7. I also agree with Matthew. I have learned this the hard way. I used to live a busy, full, driven life that I thought included God. Four years ago, I was “given” a brain injury that still has no explanation and my life with God has been completely changed. My life now revolves around what He has asked me to do and I spend much of my day trying to walk with Him. I never would have guessed it, but my life is slower, more peaceful, and more filled with God. What a blessing!

  8. Karen- yes!!! My problem is I’ve been going so fast for so long, when I clear my schedule, I still don’t know how to rest and be still.
    I’m learning to accept the moments of quiet, but it’s intentional action.

    I want to hear God and not let the busyness drown Him out!

    Great post!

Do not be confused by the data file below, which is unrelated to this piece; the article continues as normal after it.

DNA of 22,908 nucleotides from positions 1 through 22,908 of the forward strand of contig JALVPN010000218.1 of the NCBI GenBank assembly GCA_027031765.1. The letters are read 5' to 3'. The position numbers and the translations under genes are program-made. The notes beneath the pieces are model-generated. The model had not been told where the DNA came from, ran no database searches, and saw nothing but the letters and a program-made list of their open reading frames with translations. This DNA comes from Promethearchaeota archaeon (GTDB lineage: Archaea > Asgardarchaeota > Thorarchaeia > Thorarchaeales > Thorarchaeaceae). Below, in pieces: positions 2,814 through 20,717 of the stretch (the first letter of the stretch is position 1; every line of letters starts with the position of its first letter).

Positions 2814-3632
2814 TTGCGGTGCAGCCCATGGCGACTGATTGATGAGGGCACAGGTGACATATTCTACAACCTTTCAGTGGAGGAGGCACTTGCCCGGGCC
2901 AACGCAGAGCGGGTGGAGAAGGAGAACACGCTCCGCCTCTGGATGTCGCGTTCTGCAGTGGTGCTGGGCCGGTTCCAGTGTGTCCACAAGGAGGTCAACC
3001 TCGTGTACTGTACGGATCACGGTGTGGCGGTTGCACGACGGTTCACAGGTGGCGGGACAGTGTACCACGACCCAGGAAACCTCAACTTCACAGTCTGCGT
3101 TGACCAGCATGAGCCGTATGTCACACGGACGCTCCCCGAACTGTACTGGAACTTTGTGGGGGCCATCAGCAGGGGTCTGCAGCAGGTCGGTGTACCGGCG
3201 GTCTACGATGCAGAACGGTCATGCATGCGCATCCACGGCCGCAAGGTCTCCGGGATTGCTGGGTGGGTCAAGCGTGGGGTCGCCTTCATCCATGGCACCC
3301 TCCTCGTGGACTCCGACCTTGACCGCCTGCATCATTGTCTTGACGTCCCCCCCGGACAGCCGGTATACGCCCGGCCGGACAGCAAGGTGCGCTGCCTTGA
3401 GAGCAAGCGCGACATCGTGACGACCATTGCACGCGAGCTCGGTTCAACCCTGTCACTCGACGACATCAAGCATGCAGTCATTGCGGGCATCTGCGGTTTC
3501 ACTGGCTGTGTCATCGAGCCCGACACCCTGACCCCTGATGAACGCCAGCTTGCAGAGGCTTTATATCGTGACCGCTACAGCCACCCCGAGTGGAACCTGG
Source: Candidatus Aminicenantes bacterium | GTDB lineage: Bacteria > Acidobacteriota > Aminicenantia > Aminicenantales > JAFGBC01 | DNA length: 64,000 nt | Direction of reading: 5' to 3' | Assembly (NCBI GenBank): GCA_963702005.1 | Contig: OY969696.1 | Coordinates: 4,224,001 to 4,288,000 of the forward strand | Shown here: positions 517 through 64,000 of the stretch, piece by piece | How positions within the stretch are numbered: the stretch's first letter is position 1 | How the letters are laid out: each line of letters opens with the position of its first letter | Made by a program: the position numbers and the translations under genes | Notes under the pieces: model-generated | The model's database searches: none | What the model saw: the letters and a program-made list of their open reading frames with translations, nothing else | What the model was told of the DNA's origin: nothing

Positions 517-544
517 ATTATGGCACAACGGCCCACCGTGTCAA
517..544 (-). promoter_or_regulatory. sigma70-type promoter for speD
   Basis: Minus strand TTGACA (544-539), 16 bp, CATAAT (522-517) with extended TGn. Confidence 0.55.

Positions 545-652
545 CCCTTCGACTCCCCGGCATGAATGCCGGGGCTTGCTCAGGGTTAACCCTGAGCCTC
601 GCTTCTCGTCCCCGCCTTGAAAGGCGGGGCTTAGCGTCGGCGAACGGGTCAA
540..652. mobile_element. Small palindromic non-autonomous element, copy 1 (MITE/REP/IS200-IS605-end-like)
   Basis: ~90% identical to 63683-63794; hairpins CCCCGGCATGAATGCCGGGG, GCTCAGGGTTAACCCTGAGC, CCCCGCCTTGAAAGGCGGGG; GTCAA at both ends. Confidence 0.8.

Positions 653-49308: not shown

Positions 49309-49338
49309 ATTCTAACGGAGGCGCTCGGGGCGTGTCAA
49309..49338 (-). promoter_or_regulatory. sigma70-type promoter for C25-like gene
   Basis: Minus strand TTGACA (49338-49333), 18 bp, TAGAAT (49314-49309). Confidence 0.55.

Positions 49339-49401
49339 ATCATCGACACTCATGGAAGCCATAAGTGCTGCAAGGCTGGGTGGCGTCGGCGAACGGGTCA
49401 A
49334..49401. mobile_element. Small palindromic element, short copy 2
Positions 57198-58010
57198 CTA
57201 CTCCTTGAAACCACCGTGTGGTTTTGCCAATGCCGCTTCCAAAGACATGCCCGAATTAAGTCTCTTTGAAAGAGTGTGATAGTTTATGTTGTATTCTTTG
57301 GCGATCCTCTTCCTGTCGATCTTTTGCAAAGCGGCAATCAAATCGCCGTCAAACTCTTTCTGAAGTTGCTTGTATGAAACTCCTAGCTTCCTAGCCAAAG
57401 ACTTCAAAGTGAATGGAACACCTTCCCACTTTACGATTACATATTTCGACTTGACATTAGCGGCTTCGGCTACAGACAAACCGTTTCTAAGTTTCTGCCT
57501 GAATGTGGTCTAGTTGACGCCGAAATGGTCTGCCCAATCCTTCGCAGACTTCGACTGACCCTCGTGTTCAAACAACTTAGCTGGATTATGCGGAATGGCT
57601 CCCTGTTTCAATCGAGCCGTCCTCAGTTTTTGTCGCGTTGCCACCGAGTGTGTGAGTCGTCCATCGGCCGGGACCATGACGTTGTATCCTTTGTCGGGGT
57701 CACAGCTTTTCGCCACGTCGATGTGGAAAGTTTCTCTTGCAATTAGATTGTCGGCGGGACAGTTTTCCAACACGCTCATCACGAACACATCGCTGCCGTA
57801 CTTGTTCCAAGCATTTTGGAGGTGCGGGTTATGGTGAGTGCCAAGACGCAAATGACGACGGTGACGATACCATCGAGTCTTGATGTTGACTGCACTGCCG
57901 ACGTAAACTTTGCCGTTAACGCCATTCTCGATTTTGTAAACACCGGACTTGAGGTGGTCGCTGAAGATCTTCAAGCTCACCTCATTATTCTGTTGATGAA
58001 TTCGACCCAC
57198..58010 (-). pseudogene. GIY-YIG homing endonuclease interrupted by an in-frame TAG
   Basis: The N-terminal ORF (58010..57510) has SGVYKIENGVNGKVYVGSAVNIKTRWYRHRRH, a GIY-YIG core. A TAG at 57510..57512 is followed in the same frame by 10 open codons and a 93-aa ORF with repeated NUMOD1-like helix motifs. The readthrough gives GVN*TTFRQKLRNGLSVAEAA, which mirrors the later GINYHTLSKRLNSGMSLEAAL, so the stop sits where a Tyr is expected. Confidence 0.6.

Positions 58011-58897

9. Living at 80% would be so refreshing for most of us, yes? But 120% is more what we see. Sigh. Praying to make more space in my life. And for your renovation project to go smoothy and quickly. 🙂

  10. Goodness Karen, I needed this. And, this is the second post today urging me to stop and breathe. Hmmm. Will begin clearing out today! I’m your neighbor today at Thought Provoking Thursday.

  11. This is very true. Some people are just too busy for the things of God and if that is the case, then they are too busy. We need to learn to listen to the Holy Spirit and check with Him whether we should be taking on new things and also whether we should be continuing with existing things. God can and will reduce the burdens of busy schedules if we will allow Him to. We need to learn to say no to people – as God directs, and that includes church-connected things. Not everything that is good, is God’s will for us. We need to learn the difference between a good thing and a God thing.

    1. I totally agree Matthew! When we are exhausted and over-committed, we can’t hear God tell us what He wants us to do, so we end up running around doing alot of things that don’t do much for the kingdom.

Leave a Reply

Your email address will not be published. Required fields are marked *